The ‘holiday season’ officially over, it’s time to put away the decorations (a week or two late), turn the ‘guest room’ back into the ‘home studio’, put the extra dishes back in the attic, test out the latest additions to the microphone locker (sort-of vintage-esque-ish C414B-ULS and new el-cheapo CAD ribbon mic), do some tests and perhaps modifications (at least bypass caps and maybe experiment with resistors to make the outputs ‘see’ the specified 600-ohm output, while waiting for the ‘could replace every component in the signal path if need be’ order to show up from Mouser) on a pair of cool-sounding-transformers but that-noise-floor-just-can’t-be-within-spec mic preamps, dust and vacuum, and get back to work on some actual music, finally.
Saw friend Jorge’s Americana / alt-country / honky-tonk band Ruby Dee and the Snakehandlers over New Years’ weekend. Fun was had.
Holding down the fort in “the 206” while most folks I know are heading down to NAMM. Can’t say I’m sad about it.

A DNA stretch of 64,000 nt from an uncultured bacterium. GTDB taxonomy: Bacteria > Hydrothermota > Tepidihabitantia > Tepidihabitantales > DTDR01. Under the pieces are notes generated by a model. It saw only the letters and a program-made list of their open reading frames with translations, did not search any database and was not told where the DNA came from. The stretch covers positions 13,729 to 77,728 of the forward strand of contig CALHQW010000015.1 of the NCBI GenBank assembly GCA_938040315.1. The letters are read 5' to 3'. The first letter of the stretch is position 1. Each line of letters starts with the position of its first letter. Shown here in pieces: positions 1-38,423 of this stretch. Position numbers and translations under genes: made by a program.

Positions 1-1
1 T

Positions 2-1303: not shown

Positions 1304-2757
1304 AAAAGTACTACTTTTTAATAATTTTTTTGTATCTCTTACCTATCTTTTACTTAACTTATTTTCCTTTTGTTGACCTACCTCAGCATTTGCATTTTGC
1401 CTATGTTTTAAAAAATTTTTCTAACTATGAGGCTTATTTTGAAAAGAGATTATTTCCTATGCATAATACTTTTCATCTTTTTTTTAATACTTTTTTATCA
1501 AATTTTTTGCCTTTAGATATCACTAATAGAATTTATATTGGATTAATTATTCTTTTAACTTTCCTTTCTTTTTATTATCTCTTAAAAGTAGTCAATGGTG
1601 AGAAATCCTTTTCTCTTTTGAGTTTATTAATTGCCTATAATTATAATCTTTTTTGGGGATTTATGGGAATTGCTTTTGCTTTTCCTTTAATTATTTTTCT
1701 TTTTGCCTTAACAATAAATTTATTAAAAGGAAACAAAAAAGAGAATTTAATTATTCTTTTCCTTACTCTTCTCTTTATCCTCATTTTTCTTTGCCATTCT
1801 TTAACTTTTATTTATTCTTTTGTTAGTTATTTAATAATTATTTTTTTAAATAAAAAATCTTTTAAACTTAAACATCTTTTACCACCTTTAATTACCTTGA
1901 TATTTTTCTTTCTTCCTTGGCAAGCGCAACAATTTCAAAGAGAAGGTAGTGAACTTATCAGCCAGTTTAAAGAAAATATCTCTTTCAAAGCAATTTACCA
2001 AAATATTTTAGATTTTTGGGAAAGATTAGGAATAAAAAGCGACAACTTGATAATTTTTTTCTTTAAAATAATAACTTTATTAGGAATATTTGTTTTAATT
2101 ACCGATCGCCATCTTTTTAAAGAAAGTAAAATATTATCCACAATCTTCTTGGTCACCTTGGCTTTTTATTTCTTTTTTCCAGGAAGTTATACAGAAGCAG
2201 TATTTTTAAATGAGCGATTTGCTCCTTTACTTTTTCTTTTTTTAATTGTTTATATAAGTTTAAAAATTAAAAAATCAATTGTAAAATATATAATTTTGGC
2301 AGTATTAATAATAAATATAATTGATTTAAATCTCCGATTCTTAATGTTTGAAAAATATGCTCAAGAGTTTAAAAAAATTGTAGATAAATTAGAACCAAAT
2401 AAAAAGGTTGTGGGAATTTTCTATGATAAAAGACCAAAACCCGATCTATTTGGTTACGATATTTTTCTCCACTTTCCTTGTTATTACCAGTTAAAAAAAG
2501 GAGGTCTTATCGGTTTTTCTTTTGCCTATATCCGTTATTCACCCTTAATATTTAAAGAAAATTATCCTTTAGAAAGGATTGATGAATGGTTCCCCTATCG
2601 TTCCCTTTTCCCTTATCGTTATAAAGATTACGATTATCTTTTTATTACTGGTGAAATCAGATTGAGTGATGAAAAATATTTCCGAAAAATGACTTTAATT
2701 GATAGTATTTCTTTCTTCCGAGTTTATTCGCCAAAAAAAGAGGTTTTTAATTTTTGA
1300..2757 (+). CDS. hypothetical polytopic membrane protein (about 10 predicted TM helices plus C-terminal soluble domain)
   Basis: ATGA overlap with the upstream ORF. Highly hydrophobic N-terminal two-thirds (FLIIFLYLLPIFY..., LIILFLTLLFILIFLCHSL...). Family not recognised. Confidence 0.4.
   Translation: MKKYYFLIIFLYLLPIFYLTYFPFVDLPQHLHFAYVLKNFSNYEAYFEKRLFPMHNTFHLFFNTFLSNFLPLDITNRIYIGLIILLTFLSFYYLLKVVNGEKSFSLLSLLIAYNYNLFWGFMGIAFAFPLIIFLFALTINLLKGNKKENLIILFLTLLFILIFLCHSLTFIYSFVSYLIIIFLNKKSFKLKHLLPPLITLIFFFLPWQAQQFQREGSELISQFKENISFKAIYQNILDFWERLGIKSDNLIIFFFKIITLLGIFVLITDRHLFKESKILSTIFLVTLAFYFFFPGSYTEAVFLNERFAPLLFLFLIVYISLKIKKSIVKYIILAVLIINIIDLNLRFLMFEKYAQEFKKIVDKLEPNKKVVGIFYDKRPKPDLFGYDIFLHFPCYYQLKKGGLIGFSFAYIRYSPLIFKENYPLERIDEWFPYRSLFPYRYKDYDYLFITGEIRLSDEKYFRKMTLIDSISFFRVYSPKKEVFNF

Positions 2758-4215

Still haven’t had time to get out to see Avatar (Pocahontas Dances With FernGully in Space), Sherlock Holmes (plus exploding fireballs and glistening pectoral muscles, minus pipe-smoking and deerstalker hats), or The Imaginarium of Doctor Parnassus (aka thin and predictable plot but I’ll see it anyway for the visuals), hoping “Inception” will live up to its own previews once that’s out.
…and managed to sneak in some time for a few quick electric violin overdubs, re-recorded a better take of a was-good-but-a-little-too-peaky-sounding-on-that-one-chord guitar track (I was going for a ‘cutting’ Telecaster / LP-junior / AC30 / Twin tone, but it ended up going way too far to the “icepick to the temples” end of the continuum – lesson learned…), and some string-machine-with-phaser-cause-the-Gary-Numan-kick-still-isn’t-letting-up parts on that song we’re working on that for the life of me I can’t remember the name of right now, because the title isn’t in the lyrics (unless it is), which is making me feel, temporarily at least, like a doddering old fool.
Still not Y2K compliant
January 1, 2010, 01:48 GMT+5 by chris
Filed Under: Blog, Rants  Comments
Happy New Year!